GOLD : The Golden Cosmological Surveys Decade

This 10-week programme on the Golden Cosmological Surveys Decade will be held at the new Institut Pascal, in Paris Orsay, from 1st April 2020 to 5th June 2020. The Institut Pascal provides offices, seminar rooms, common areas and supports long-term scientific programmes. 
GOLD 2020 will include a summer school, three workshops (on Lensing, Galaxy Clustering, Theory and Interpretation of the Data). 
In-between, an active training programme will be run. We plan to host around 40 people for the whole programme, plus around 30 scientists during the workshops. 
Whether you are a PhD, a postdoc, a senior scientist and are interested in attending this programme, you can now apply. Deadline for applications: 1st October 2019.




The workshop on Computational Intelligence in Remote Sensing and Astrophysics (CIRSA) aims at bringing together researchers from the environmental sciences, astrophysics and computer science communities in an effort to understand the potential and pitfalls of novel computational intelligence paradigms including machine learning and large-scale data processing.



French-Chinese Days on Weak Lensing

Date: October 4-5, 2018

Organizer:  Jean-Luc Starck and Martin Kilbinger


Local information

CEA Saclay is around 23 km South of Paris. The astrophysics division (DAp) is located at the CEA site at Orme des Merisiers, which is around 1 km South of the main CEA campus. See for detailed information on how to arrive.

On 4 and 5 October, 2018, we are organizing the first French-Chinese weak-lensing meeting at DAp, CEA Saclay. 


All talks are taking place at DAp, Salle Kepler (Building 709)

Thursday, October 4

9:30 - 10:00h.  Café

10:00 - 10:15h.    Welcome & introductions

10:15 - 10:45h.   Hu Zhan,   Overview of CSS-OS

10:45 - 11:15h.   Martin Kilbinger, Overview of CFIS Weak Lensing

11:15 - 11:45h.  Jun Zhang, Fourier_Quad,  a shear measurement method in Fourier Space

11:45 - 14:00h.  Lunch at the Rotonde

14:00 - 14:30h. Morgan Schmitz,  PSF Modeling using a Graph Manifold

14:30 - 15:00h. Chengliang Wei, A full sky WL simulation with semi-analytic galaxy formation 

15:00 - 15:30h. Jean-Luc Starck,  WL Mass Mapping

15:30 - 16:00h. Zuhui Fan,  WL peak statistics

16:00 - 16:30h. Austin Peel,  Cosmology with Mass Maps

Friday, October 5

9:30 - 10:00h.      Café

10:00 - 10:30h.   Sam Farrens,   The CFIS pipeline

10:30 - 11:00h.  Ran Li,  Lensing studies of sub-structures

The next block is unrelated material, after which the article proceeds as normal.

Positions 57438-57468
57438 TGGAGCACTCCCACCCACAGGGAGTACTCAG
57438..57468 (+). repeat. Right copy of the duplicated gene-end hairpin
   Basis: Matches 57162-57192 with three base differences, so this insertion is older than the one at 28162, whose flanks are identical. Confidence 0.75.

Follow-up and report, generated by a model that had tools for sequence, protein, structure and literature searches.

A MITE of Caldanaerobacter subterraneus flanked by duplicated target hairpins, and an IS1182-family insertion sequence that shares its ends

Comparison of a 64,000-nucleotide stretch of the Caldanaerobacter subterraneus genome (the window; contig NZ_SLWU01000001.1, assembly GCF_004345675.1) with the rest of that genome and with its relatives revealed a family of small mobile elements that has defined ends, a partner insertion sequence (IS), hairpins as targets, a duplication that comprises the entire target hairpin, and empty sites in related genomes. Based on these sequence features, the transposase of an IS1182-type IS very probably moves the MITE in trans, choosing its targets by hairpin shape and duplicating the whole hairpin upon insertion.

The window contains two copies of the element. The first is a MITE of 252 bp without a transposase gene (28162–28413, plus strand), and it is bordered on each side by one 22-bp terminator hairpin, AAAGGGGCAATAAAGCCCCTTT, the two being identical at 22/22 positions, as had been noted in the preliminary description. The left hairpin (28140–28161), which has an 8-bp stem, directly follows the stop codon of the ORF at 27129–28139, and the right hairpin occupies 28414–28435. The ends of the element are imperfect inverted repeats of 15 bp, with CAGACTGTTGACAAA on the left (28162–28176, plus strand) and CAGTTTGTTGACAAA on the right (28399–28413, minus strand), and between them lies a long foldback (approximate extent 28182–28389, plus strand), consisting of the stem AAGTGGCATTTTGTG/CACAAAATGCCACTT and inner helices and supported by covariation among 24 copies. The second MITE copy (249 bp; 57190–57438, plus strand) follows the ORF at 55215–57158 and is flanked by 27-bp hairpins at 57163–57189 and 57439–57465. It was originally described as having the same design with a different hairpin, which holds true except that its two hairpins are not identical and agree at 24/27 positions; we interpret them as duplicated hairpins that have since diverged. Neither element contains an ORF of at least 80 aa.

11:00 - 11:30h.  Axel  Guinot,  Preliminary CFIS results

11:30 - 12:00h.  Liping Fu, Shear measurement from VOICE deep survey

12:00 - 14:00h. Lunch at Les Algorithmes

14:00 - 14:30h. Jean-Charles Cuillandre, The Euclid mission and ground-based observations

14:30 - 15:00h.  Huanyuan Shan: KiDS WL studies (via skype)

15:00 - 15:30h.  Alexandre Bruckert, Machine learning for blended objects separation

15:30 - 16:00h.   Rebeca Araripe Furtado Cunha,  Optimal Transport and PSF Modeling

16:00 -  17:00h. Discussion


Improving Weak Lensing Mass Map Reconstructions using Gaussian and Sparsity Priors: Application to DES SV


Authors: N. JeffreyF. B. AbdallaO. LahavF. LanusseJ.-L. Starck, et al
Year: 01/2018
Download: ADS| Arxiv


Mapping the underlying density field, including non-visible dark matter, using weak gravitational lensing measurements is now a standard tool in cosmology. Due to its importance to the science results of current and upcoming surveys, the quality of the convergence reconstruction methods should be well understood. We compare three different mass map reconstruction methods: Kaiser-Squires (KS), Wiener filter, and GLIMPSE. KS is a direct inversion method, taking no account of survey masks or noise. The Wiener filter is well motivated for Gaussian density fields in a Bayesian framework. The GLIMPSE method uses sparsity, with the aim of reconstructing non-linearities in the density field. We compare these methods with a series of tests on the public Dark Energy Survey (DES) Science Verification (SV) data and on realistic DES simulations. The Wiener filter and GLIMPSE methods offer substantial improvement on the standard smoothed KS with a range of metrics. For both the Wiener filter and GLIMPSE convergence reconstructions we present a 12% improvement in Pearson correlation with the underlying truth from simulations. To compare the mapping methods' abilities to find mass peaks, we measure the difference between peak counts from simulated {\Lambda}CDM shear catalogues and catalogues with no mass fluctuations. This is a standard data vector when inferring cosmology from peak statistics. The maximum signal-to-noise value of these peak statistic data vectors was increased by a factor of 3.5 for the Wiener filter and by a factor of 9 using GLIMPSE. With simulations we measure the reconstruction of the harmonic phases, showing that the concentration of the phase residuals is improved 17% by GLIMPSE and 18% by the Wiener filter. We show that the correlation between the reconstructions from data and the foreground redMaPPer clusters is increased 18% by the Wiener filter and 32% by GLIMPSE.